Q: Are we going to move beyond the usefulness of the mouse?

I think that is an excellent question. I would say no, we are not going to move beyond the usefulness of the mouse—at least not in the foreseeable future, because as we discover genes in humans and we say, “Aha, okay, this gene contributes to this disease or this infertility in the male,” well, then the next thing that we want to do for humans is say, “Okay, how can we mitigate this? How can we cure the disease?” Or, “Oh, maybe we can use this gene as a target for a novel contraceptive method if it interferes with fertility.” So we are going to need the mouse to test our hypotheses. Can we use a pharmaceutical agent, a chemical, to alleviate the infertility? Or can we use an agent to exploit what we know and develop a contraceptive that will be useful?

Mapping the Future of Infertility Research

Q: What brings you to the Washington area?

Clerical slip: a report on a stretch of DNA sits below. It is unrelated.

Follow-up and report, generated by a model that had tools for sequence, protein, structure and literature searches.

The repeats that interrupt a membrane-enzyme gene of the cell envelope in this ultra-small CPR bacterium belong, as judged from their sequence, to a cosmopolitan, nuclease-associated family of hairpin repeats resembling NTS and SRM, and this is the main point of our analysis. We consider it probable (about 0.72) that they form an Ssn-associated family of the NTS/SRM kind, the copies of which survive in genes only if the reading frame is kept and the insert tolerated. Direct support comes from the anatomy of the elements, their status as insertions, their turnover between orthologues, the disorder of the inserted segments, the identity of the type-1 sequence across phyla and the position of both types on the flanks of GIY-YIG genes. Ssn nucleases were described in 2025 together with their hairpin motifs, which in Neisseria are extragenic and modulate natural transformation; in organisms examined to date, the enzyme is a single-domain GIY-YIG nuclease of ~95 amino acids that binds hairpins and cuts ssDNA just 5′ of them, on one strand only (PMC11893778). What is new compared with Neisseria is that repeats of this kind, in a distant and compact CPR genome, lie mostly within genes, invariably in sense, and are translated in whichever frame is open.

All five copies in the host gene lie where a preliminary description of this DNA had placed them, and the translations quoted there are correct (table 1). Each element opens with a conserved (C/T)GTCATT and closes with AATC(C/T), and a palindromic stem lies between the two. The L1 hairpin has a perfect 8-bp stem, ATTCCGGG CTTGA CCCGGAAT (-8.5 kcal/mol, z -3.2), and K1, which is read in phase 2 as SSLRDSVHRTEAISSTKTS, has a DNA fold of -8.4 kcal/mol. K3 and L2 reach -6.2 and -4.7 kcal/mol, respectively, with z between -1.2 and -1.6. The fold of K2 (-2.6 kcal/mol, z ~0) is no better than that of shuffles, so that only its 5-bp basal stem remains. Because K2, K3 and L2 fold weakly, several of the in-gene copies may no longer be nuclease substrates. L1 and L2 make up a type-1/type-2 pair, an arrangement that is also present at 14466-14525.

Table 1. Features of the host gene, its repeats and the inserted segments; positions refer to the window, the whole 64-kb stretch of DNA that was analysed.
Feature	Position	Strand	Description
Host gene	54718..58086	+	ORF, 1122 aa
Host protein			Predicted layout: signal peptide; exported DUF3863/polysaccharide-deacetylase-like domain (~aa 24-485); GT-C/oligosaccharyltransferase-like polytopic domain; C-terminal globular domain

I am in Washington for evaluation and a forward look for some NIH programs that we call SCCPIRs. These are the Specialized Cooperative Centers Program in Reproduction and Infertility Research. We have been taking a broad view of the future of reproduction and infertility research. There are eight existing programs. This is a very exciting program of the NIH: There are centers at universities across the country, where there is a mix of basic research—the kind of research that I do—and also clinical translational research—taking that new knowledge from experimental analysis of organisms like mice and applying it to human infertility and human conditions, such as endometriosis or premature ovarian failure. These programs have been a great opportunity and have spawned a lot of collaborative research that would not necessarily have happened through the traditional R01 individual grant program. Both kinds of programs are vitally important, but these SCCPIR programs have actually promoted and facilitated collaborative research, and several important diagnostic and therapeutic advances have come out of these programs, so it has been exciting to look at their progress.